Her latest passion is rock hounding on the many Bay of Fundy beaches for semiprecious stones such as agate and jasper. Using a rock tumbler, she creates beautiful polished gems which she turns into one of a kind jewelry. This has also led to an insatiable curiosity about the geology of Nova Scotia, wanting to learn about the geologic forces which created such beautiful rocks.
Lisa has been interpreting RAVEN wildlife presentations at the Pines Resort Hotel in Digby, Nova Scotia since 2003 and is excited to be presenting the current slideshow of her own wildlife photographs.
Helen Raine is a writer and conservationist living in Kauai. Helen joined the RAVEN team over a year ago and has brought a wealth of information to tour guests. She has an MSc in Conservation and has undertaken fieldwork in England, Malta, Peru, Zambia and Hawaii, often living for months in a tent.
She has worked as a Conservation Officer for Natural England UK and a Project Manager for the EU LIFE Yelkouan Shearwater Project with BirdLife Malta. At present, she is helping Kauai Forest Bird Recovery Project with their research work.
As a freelance journalist, she focuses on the environment, but has also published hundreds of travel articles on adventure destinations for inflight magazines and travel supplements, as well as writing for Pink, a women’s magazine. She is the author of a series of wildlife guide books – Bermuda’s Top 10 and Malta’s Top 10 are already on sale, while Kauai’s Top 10; A Guide to the Island’s Wildlife is in production.
Kauai has proven to be the perfect place for her and husband Andre to introduce island wildlife to their two kids, Callum and Maya.
RAVEN welcomes Kersti! Kersti loves to explore! She seeks out adventure at every turn and readily dons her hiking boots, life jacket, skis, and sometimes even stilts, to pursue natural and cultural wonders across the continents. An actor by training, she has lived and trained in tiny Italian villages, high in the hills of Umbria and Campania, performed under the stars in southern New Jersey farmland and amidst the concrete of Manhattan’s East Village, summoned crowds in Kraków’s cobble streets and brought stories to life across Canada.
Kersti is drawn to the mountains and the sea and feels most at home where the two brush shoulders. Perhaps for this reason, she keeps returning, like the gannets, leatherback sea turtles and humpback whales, to a tiny place on northern Cape Breton’s Atlantic coast, called Ingonish.
Since age 3, Kersti has spent her summers at her family inn in Ingonish, exploring the wonders of the Cape Breton Highlands National Park. She loved exploring the park so much, that in 1995 she found herself a seasonal job there, first in visitor services and for the past decade, as a park interpreter.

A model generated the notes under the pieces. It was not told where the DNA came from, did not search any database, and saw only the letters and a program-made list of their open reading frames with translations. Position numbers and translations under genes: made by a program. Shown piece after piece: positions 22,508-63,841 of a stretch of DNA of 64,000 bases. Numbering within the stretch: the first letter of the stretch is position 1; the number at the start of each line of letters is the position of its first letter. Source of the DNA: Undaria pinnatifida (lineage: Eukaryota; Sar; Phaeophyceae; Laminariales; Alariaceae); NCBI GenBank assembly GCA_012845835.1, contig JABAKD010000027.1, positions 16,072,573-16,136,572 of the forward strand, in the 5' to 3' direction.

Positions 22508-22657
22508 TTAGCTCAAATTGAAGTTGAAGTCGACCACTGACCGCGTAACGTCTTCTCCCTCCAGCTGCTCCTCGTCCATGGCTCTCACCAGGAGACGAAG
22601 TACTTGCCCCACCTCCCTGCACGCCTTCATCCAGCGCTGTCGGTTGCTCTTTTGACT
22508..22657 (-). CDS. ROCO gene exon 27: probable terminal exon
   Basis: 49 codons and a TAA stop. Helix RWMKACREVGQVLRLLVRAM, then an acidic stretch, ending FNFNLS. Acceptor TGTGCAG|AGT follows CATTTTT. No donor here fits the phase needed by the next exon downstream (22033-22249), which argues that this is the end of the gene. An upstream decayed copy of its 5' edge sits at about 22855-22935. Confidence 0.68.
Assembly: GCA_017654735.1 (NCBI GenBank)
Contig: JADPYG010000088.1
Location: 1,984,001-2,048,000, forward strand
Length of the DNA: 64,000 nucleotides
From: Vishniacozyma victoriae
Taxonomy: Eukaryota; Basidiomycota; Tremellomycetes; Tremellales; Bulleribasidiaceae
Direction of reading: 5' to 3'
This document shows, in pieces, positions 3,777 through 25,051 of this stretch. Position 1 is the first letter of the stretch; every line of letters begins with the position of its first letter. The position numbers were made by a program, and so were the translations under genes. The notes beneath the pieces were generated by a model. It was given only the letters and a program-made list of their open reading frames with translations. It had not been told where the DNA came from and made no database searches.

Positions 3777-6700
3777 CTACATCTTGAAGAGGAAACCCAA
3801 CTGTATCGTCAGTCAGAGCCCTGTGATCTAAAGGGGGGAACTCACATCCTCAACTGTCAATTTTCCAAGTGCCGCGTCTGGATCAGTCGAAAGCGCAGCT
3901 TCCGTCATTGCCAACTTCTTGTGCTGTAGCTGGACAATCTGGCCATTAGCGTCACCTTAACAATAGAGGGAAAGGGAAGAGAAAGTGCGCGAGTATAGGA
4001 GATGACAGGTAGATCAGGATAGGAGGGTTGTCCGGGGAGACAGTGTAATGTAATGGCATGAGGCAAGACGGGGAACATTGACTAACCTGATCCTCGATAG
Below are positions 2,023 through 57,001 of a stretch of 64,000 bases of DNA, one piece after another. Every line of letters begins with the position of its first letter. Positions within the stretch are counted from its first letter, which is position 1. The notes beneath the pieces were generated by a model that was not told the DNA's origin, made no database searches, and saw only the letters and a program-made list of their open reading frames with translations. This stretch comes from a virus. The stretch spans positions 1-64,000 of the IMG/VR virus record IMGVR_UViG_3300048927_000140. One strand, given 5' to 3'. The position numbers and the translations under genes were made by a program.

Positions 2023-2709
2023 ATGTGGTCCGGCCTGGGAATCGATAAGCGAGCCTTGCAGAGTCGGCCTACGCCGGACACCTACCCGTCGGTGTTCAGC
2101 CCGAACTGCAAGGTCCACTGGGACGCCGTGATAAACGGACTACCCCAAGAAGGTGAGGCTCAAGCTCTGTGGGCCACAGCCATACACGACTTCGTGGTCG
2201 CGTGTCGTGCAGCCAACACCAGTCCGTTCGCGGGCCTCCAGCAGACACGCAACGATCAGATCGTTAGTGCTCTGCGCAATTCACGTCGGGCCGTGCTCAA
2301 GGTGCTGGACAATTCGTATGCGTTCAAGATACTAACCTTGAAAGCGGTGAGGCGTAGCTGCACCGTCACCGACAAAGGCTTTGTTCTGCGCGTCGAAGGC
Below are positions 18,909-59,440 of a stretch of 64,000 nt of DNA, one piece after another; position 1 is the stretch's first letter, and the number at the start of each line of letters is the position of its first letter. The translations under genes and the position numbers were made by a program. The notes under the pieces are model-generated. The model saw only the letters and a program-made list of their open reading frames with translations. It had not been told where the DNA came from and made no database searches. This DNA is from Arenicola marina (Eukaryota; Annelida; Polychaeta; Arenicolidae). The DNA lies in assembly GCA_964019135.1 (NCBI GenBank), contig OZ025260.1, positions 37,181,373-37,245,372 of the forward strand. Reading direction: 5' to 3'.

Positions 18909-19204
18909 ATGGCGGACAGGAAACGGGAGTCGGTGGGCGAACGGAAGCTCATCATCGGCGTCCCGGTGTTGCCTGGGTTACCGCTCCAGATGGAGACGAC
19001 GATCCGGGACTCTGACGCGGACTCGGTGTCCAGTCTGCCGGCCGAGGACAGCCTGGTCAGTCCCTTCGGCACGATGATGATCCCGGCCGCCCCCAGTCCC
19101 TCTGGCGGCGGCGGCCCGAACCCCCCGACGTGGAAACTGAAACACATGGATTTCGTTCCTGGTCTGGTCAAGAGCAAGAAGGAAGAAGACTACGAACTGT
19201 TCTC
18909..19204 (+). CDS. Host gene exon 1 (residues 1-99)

While her theatre work is on hold as Kersti raises her three young explorers, adventure is never far (she’s even been known to pick up the family and move to the Beskid Mountains for a year, or leave the kids with Daddy and take a few weeks to walk Ireland’s magnificent Kerry Way), and she continues to share stories, encourage audiences of all ages and walks of life to connect with nature, and delight in the wonders of the world around her.
David Thurlow has a degree in meteorology and has worked for several years as an outreach educator and outdoor trip leader.
His interest in the atmosphere and the environment has brought him from the top of Mount Washington to Antarctica. He has eighteen years of experience in informal science education, focusing on media, museum exhibit design, informal education, and natural history interpretation.
He was the creator and long-time writer and host for "The Weather Notebook" radio program.
When not helping out on RAVEN programs, Dave works for the Vermont Earth Institute, advocating for individuals to leave a smaller "footprint" on the local and global environment.
A lifelong resident of the Digby area of Nova Scotia, Greg retired after 31 years as a biology, chemistry and environmental studies educator at Digby Regional High School. Greg now dabbles in photography, birding, hiking and discovering new things about the flora and fauna of Nova Scotia. He also spends time on the soccer field as a referee and referee mentor. Greg and his wife Elaine enjoy walking, relaxing with nature and visiting their two grown daughters often.
Leading people to discover the features of this amazing area is a natural extension of a passion Greg has for nature, history and culture.
Ronald Wolanin, Interpreter, has a M.S. Degree in environmental studies and worked for the Massachusetts Audubon Society. Ron is noted for not only his ecological knowledge, but for his keen awareness of the subtleties of nature. His areas of expertise include wildflowers, woody plants, insects, and birds.
Tlell came to RAVEN in 2021 to help tell Hawaii’s beautiful stories of its natural beauty including the wildlife, the flora and the fauna.
Tlell was born and raised in central Oregon and researched the beautiful Oregon Spotted Frog while in high school. For her senior year of high school, she received a full scholarship from the Department of State to be an exchange student in Turkey. She graduated with a B.S. in Biology in 2020 from Portland State University.
Before coming to Kaua’i, she worked in Washington hunting invasive bullfrogs. She is now working on the INFRASTRUCTURE MONITORING & MINIMIZATION PROJECT at Archipelago Research and Conservation.
She enjoys reading, hiking, baking pies, and painting.
Katie is one of RAVEN’s newest members in 2021. Katie grew up wandering the woods of Northern Ontario with her dog. She learned to observe and absorb everything she could about the flora and fauna. A lifelong passion for the ocean brought her to the East Coast to study marine biology, after which she settled quite comfortably into a career with Parks Canada — she and Kersti have been interpretation colleagues at Cape Breton Highlands National Park since 2013. Katie now spends her time wandering the woods of Cape Breton with her dog.